I want to make two brief points. First, I hope that the Government will bear in mind the fact that their defeat happened for a good reason. We had the emergence of a popular front, with parties that differ enormously on many issues coming together because they felt so strongly on this issue. Another reason for the defeat was the absence, to which I referred, of the hon. Member for Glasgow, Cathcart. He is one of the most conscientious Members in the House, and I now understand that he was not present because he was attending the funeral of the wife of a dear colleague. Obviously, I am sorry for any misunderstanding over that. My first basic point to the Minister is that people felt very strongly, and were united in saying that the timetable was wrong.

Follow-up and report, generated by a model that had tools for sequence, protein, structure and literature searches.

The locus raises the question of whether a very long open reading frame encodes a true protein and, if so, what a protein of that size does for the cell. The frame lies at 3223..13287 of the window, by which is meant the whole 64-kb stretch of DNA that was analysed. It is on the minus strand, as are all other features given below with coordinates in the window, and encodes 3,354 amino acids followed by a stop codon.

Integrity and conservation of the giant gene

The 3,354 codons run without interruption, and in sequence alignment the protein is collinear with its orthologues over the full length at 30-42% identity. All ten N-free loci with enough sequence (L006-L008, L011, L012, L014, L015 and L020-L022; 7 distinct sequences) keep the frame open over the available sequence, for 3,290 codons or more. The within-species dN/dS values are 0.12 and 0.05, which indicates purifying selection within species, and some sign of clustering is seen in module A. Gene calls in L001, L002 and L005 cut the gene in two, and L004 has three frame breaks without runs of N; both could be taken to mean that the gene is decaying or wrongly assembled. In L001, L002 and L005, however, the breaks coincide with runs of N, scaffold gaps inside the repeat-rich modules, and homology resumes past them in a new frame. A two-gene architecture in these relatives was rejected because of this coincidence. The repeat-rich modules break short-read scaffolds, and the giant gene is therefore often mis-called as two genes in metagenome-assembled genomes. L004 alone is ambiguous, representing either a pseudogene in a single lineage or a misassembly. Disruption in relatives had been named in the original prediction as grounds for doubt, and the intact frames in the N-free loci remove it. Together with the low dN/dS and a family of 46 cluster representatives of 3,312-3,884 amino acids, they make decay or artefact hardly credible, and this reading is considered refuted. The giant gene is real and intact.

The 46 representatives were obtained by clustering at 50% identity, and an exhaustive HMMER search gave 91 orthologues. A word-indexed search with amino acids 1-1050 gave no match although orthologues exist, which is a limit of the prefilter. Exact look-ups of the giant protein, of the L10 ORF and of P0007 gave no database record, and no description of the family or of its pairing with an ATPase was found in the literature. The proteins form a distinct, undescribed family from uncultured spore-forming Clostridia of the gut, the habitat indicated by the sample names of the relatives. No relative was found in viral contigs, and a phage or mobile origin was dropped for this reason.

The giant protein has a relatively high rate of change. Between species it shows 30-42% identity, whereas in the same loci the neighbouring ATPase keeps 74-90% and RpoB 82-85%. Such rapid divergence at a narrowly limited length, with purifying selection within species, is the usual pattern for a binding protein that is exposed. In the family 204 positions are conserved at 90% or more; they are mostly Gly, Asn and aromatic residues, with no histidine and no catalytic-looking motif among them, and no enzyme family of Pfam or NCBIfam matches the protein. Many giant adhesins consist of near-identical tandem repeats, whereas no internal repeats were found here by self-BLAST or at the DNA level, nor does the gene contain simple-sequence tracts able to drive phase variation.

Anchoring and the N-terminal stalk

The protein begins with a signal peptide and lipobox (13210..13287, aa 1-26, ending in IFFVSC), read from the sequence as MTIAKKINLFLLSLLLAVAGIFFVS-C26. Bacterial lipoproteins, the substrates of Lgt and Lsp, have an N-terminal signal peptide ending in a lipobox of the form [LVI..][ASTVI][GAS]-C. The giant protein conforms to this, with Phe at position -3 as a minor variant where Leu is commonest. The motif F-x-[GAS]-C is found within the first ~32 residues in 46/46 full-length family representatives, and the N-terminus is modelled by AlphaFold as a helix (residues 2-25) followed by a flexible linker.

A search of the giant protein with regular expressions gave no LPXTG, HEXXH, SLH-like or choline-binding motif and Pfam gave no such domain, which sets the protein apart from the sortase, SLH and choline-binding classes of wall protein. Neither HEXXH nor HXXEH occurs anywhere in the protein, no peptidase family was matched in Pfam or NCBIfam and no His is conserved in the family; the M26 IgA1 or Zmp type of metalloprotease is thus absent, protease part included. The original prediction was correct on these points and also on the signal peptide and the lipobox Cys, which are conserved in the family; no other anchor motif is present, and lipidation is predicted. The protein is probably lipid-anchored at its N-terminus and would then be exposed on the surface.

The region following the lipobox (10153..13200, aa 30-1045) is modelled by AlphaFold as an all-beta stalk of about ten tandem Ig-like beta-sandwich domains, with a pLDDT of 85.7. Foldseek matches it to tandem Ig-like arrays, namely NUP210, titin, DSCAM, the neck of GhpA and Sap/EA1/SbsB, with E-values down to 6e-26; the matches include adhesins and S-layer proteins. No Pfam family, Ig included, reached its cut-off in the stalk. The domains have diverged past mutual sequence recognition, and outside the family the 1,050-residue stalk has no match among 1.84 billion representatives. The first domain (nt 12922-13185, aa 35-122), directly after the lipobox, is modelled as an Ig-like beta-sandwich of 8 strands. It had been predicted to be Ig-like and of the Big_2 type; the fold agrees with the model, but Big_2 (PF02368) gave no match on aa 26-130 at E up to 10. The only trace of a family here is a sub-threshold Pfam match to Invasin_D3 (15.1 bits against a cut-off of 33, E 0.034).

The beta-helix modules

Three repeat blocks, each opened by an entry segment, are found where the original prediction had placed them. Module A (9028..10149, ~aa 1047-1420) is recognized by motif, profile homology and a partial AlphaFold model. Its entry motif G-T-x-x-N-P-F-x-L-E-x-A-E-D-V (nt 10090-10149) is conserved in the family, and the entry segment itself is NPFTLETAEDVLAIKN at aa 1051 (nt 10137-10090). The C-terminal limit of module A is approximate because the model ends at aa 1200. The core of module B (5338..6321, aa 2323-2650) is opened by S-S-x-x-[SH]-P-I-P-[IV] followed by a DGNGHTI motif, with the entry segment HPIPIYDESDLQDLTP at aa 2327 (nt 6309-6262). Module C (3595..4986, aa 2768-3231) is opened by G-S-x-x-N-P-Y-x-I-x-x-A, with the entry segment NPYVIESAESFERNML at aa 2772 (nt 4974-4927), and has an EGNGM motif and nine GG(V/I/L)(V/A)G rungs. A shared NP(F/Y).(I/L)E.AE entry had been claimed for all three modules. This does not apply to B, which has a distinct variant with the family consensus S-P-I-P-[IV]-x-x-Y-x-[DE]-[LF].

My second point is to ask why we cannot alter the timetable to try to get agreement between the popular front and the Government. Why can we not meet next Thursday as well, rather than have an open-ended meeting tonight? My hon. Friend the Member for Surrey Heath is so committed to politics that he says that he will wait here all night if need be but, quite honestly, many of us have other obligations. There are other obligations in the House of Commons, and I have an obligation in Southend tonight. I am meant to be there at 9 o'clock, and I should like to be able to let my people know whether I will be there. It would be useful if the Government could either say that we will stop at 5 o'clock tonight and meet next Thursday as well, which would be ideal, or give us some idea of what work they want to get done by 5 o'clock. I should like to know. It is not satisfactory for you, Mr. Cook, and it is not satisfactory for hon. Members and their parties to be told that we might be going all night, but we have no idea. It would be far, far better if we could simply alter the timetable and have a sitting next Thursday as well.